Switch out the bad for the good
You're diligent in choosing locally-grown and organic food at the supermarket, looking for ethically-made clothes and generally making the most conscious choices you can that care for you and the planet. But what about your bathroom... the bottle that's been at the back of the cupboard for years and what about those innocuous-looking face wipes? There are hidden environmental costs in many mainstream, conventional beauty products that can't stay hidden any more! See how you can switch out the bad for the good - which is not only better for your skin, but the planet too.
Problem: Many face wipes contain non-biodegradable plastics, including synthetic fibres like polyester, that persist and accumulate in the environment for many years and can take up to 100 years to break down. Either way you dispose of them causes problems. If you throw them in the bin, they'll end up in landfill and if you flush them down the toilet (please don't!) they clog up the water and sewerage ways. The latter has led to the creation of "fatbergs" as the flushed wipes soak up fat and discarded rubbish in sewers, causing blockages and polluting rivers and seas. Did you hear about the Whitechapel Fatberg in London? You'll find it hard to forget after you see this.
Solution: Choose a reusable and biodegradable option instead, like our Organic Muslin Facial Cloth, to remove your make-up and daily impurities. Global Organic Textile Standard (GOTS) certified-organic and 100% natural, they're the most simple and effective facial cleansing tool that can be used over and over again. Eco-friendly, re-usable and machine washable. And always look for GOTS cotton so you know that the health of farm workers and the environment have not been harmed in the production of the cotton - which, in non-organic farming, relies on the heavy use of artificial fertilisers and pesticides.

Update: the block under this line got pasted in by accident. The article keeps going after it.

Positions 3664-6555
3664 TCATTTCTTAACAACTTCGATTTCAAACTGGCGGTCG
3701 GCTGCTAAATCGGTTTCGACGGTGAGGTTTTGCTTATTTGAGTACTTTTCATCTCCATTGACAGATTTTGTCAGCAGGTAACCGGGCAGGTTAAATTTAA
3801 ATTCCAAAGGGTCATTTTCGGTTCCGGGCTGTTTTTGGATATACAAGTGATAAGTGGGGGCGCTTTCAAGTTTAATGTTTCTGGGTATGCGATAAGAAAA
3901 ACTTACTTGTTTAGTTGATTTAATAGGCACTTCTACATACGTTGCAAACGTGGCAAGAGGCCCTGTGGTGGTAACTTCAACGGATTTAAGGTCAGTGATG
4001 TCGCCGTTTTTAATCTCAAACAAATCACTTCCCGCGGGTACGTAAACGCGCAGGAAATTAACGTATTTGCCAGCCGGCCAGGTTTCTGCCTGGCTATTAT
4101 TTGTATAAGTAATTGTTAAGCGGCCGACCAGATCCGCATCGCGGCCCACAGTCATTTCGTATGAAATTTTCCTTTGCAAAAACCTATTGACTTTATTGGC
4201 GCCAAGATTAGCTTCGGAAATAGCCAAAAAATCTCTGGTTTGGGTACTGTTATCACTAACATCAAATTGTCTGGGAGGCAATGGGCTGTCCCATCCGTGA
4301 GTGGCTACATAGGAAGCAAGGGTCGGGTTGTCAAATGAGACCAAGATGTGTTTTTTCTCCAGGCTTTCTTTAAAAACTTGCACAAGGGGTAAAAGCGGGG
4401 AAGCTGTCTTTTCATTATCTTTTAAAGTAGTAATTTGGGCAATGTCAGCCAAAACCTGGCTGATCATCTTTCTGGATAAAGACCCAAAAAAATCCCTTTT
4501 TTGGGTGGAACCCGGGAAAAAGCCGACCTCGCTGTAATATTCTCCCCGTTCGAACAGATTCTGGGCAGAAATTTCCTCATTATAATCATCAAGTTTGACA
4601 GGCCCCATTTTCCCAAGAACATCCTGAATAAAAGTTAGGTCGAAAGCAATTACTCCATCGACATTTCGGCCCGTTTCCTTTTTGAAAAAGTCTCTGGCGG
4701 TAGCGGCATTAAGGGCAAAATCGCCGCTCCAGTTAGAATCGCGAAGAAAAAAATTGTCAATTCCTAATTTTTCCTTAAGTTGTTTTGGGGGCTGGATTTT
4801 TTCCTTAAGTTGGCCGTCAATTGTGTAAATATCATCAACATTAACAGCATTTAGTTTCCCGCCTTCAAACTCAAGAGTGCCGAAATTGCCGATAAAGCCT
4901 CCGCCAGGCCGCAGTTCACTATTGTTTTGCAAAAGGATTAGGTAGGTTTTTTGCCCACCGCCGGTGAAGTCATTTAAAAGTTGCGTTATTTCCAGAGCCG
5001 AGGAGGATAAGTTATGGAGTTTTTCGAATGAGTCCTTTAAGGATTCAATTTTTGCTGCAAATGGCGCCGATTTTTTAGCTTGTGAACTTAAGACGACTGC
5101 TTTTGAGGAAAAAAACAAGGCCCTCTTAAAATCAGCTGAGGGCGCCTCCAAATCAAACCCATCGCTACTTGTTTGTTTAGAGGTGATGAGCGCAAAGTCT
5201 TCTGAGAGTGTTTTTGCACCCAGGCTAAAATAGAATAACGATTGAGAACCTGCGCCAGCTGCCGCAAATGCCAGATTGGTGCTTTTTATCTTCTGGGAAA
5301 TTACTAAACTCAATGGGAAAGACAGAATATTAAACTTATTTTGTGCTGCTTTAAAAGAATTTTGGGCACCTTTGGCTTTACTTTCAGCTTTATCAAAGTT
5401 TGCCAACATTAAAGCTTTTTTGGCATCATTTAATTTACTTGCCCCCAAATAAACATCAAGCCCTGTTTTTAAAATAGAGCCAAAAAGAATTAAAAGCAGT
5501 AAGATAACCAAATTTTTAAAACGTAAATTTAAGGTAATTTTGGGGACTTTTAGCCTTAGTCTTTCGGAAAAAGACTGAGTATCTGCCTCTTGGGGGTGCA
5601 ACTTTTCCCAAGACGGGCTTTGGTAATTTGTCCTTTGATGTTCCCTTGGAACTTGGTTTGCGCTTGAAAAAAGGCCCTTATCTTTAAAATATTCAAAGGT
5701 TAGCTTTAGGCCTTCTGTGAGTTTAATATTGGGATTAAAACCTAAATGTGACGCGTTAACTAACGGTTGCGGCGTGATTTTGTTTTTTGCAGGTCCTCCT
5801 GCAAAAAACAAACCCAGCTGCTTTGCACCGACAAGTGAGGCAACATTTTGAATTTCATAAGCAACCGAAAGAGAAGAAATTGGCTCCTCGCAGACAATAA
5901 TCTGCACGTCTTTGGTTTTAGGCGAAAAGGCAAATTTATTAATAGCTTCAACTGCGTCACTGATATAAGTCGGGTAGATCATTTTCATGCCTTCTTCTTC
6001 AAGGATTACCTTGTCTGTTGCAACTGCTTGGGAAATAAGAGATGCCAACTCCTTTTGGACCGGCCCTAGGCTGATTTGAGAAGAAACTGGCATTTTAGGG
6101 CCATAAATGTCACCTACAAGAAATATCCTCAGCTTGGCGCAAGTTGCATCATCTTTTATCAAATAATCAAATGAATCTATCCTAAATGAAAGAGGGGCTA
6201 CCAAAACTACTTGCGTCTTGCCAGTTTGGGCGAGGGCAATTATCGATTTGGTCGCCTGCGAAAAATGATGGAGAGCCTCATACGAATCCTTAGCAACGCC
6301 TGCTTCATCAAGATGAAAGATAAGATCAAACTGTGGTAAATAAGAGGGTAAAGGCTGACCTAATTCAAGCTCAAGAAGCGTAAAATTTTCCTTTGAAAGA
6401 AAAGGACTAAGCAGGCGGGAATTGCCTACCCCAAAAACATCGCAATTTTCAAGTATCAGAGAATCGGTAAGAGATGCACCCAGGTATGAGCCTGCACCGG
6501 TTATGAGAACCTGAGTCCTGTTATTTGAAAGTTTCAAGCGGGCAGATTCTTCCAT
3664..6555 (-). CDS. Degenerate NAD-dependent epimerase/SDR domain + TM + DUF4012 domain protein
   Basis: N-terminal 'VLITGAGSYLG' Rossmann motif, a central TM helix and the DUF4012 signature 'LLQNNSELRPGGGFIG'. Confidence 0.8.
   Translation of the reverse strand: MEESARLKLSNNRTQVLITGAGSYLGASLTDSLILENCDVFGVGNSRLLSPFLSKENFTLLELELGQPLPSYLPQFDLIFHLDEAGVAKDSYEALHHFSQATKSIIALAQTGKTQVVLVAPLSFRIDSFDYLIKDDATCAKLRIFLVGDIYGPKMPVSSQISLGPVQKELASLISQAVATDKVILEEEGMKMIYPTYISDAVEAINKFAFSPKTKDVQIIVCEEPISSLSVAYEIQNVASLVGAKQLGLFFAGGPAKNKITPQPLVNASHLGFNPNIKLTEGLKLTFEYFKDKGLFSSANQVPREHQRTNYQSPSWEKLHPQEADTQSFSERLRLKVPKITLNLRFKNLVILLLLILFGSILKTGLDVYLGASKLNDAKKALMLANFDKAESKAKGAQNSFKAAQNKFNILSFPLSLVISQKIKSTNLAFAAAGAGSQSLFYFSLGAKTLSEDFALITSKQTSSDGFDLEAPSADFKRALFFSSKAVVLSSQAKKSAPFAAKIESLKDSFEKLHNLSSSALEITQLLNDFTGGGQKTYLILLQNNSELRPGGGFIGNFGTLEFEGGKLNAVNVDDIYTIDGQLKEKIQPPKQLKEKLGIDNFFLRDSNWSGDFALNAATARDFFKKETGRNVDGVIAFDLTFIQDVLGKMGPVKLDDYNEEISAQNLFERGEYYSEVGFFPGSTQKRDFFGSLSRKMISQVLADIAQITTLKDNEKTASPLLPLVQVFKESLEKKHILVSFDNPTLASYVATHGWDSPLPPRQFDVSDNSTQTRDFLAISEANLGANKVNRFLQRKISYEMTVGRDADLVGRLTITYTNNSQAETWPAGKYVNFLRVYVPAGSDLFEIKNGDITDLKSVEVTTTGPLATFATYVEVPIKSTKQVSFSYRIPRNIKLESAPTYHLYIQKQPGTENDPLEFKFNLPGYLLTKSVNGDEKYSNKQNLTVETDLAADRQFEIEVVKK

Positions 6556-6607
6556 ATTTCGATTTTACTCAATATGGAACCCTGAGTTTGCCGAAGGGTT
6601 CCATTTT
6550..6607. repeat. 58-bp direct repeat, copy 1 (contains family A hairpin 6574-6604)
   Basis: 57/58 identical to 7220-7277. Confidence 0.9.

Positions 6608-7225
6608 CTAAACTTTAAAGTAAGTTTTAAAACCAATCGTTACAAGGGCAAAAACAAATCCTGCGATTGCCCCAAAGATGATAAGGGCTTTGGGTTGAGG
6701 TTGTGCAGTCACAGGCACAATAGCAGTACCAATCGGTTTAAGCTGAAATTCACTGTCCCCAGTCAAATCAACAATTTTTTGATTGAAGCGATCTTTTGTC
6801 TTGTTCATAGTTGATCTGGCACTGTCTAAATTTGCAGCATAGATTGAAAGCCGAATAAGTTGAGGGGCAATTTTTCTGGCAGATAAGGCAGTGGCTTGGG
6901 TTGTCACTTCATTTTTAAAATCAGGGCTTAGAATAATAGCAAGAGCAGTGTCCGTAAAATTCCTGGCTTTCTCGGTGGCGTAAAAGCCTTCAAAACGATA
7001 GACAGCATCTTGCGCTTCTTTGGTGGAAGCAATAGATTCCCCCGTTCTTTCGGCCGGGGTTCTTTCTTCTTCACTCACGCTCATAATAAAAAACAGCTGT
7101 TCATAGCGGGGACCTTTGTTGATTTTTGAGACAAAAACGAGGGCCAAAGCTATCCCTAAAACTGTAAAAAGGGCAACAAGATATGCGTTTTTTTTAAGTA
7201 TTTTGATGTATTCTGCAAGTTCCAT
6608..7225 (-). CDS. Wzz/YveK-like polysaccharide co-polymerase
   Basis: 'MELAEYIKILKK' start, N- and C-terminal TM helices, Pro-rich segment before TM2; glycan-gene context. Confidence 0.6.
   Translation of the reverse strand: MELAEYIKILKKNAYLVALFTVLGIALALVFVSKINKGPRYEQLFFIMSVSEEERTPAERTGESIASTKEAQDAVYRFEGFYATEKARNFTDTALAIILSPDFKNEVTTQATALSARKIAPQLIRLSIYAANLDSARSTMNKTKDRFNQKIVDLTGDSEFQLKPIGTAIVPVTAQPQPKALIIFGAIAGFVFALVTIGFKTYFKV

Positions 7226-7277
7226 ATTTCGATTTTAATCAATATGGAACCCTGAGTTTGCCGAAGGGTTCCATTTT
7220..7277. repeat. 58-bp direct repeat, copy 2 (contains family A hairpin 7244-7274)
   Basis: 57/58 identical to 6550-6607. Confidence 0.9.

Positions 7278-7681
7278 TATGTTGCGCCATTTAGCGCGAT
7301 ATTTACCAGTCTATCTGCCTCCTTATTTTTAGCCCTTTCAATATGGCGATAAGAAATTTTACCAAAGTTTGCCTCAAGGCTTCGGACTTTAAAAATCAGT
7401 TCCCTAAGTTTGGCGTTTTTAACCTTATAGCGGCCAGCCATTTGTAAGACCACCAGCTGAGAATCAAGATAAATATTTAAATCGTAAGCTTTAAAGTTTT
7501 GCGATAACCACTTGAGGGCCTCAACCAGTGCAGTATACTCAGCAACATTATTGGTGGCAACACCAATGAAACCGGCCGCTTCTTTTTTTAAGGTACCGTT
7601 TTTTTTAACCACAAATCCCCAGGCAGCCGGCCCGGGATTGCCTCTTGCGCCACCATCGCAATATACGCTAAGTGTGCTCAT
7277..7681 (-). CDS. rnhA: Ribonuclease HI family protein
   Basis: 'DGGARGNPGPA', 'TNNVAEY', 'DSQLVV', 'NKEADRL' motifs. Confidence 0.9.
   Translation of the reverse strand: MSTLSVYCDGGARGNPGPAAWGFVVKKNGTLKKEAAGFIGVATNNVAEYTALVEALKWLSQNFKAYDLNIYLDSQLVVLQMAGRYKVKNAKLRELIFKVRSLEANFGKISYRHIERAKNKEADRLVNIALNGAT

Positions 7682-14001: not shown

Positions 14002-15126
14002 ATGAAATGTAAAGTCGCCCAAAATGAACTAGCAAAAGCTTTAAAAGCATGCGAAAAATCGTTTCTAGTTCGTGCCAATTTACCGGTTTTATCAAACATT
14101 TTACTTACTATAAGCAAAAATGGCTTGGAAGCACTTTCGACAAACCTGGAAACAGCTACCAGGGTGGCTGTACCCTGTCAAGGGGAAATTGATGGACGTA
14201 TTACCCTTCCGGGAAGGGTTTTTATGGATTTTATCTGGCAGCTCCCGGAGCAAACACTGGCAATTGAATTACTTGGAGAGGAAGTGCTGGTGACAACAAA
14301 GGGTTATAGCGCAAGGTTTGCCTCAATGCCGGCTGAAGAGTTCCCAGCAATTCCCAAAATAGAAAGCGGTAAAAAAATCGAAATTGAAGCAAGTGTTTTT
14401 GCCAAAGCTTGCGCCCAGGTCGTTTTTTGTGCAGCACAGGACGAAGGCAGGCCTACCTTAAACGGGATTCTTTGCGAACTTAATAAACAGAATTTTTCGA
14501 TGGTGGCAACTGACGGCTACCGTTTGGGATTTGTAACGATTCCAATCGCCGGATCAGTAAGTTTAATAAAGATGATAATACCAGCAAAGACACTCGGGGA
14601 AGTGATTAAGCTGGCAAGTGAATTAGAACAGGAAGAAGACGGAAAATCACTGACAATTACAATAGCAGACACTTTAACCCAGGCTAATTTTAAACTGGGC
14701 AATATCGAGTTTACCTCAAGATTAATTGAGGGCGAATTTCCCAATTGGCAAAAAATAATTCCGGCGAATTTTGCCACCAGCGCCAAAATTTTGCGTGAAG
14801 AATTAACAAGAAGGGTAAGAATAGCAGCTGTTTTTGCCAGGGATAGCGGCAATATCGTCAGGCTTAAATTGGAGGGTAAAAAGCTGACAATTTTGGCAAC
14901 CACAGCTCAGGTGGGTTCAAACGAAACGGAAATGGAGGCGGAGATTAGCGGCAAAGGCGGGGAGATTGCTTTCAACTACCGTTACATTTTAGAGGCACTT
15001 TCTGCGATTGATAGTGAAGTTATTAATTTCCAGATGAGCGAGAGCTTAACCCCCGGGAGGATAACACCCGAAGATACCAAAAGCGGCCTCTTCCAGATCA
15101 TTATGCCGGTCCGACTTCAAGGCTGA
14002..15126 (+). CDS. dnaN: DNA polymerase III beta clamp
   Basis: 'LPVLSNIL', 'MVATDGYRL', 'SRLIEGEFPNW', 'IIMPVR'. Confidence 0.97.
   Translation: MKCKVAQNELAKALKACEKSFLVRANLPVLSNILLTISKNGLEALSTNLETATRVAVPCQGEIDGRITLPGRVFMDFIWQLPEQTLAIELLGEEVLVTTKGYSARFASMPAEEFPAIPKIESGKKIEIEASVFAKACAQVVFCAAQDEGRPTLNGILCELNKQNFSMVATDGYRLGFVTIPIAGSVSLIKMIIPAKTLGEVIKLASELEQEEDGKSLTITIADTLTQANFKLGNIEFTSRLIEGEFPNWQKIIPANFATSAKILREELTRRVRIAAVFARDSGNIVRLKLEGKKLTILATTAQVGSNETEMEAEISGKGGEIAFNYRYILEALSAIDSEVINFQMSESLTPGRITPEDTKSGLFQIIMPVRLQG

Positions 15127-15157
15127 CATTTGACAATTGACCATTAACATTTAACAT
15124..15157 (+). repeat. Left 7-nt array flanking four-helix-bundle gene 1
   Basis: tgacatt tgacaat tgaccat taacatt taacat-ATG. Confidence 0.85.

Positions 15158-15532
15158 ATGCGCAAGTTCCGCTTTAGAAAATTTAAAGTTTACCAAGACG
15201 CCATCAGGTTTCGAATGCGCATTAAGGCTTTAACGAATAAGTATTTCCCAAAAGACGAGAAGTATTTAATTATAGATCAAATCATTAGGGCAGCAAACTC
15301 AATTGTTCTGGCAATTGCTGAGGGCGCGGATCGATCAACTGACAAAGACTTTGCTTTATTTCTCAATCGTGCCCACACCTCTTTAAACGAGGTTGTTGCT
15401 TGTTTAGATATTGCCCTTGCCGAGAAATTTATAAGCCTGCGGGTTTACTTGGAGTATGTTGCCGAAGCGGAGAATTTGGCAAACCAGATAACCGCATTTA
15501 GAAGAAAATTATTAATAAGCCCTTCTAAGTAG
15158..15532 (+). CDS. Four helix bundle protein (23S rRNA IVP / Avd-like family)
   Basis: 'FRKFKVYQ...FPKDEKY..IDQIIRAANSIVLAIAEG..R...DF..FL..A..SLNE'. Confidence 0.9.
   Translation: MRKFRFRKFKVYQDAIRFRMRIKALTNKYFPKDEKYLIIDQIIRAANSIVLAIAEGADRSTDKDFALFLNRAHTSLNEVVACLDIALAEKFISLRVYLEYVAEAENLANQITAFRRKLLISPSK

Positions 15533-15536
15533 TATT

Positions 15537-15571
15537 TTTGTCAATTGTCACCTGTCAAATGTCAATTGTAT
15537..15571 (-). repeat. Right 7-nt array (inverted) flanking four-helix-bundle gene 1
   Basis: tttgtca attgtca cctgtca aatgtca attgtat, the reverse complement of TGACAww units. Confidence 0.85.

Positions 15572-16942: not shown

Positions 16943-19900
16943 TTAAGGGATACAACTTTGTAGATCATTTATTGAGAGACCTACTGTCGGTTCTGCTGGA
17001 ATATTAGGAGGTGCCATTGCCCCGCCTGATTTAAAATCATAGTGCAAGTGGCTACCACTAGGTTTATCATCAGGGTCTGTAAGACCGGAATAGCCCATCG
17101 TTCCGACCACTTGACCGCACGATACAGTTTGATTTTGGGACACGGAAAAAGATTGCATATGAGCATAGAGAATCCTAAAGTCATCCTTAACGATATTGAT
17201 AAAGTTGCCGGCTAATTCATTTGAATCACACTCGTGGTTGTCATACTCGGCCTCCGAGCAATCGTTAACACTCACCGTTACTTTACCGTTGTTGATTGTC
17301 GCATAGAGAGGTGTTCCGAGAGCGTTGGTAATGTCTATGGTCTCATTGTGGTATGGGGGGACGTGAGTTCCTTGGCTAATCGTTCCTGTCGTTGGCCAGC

Switch #1: Farewell face wipes, hello Green Clay Cleansing Balm and Organic Muslin Facial Cloth
Problem: Palm oil is so widespread and used in many personal care products, like lotions and creams. It's so popular because it's an efficient, high-yielding plant and the oil produced is so versatile, having many different properties and functions. One of the benefits of palm oil in skincare is its high vitamin E content; a strong antioxidant which helps fight free radicals that damage the skin and cause ageing and fine lines. The problem with using palm oil lies in the vast swathes of pristine rainforest in Malaysia and Indonesia (predominately) that are being turned over to monocultures of palm tree plantations. Endangered species like the Orangutan and pygmy elephant are losing their habitats at a rapid rate (both species are not only adorable but are crucial to the functioning of the Asian tropical forest ecosystem) and the mass deforestation causes millions of tonnes of greenhouse gases to be released into the atmosphere, contributing to climate change, according to the WWF.
Solution: Look for organic almond oil as an alternative to palm oil. You'll find certified-organic almond oil in our Organic Facial Oil. Grown in rich soils and certified organic by The Soil Association, you can enjoy the protective and anti-ageing benefits from almond oil's vitamin E properties, while knowing that the highest standards of organic farming have been met. Organic farmers are working to safeguard our soils and treat native species as part of their farming systems, which is the antithesis to mass-produced, unsustainably-farmed palm oil.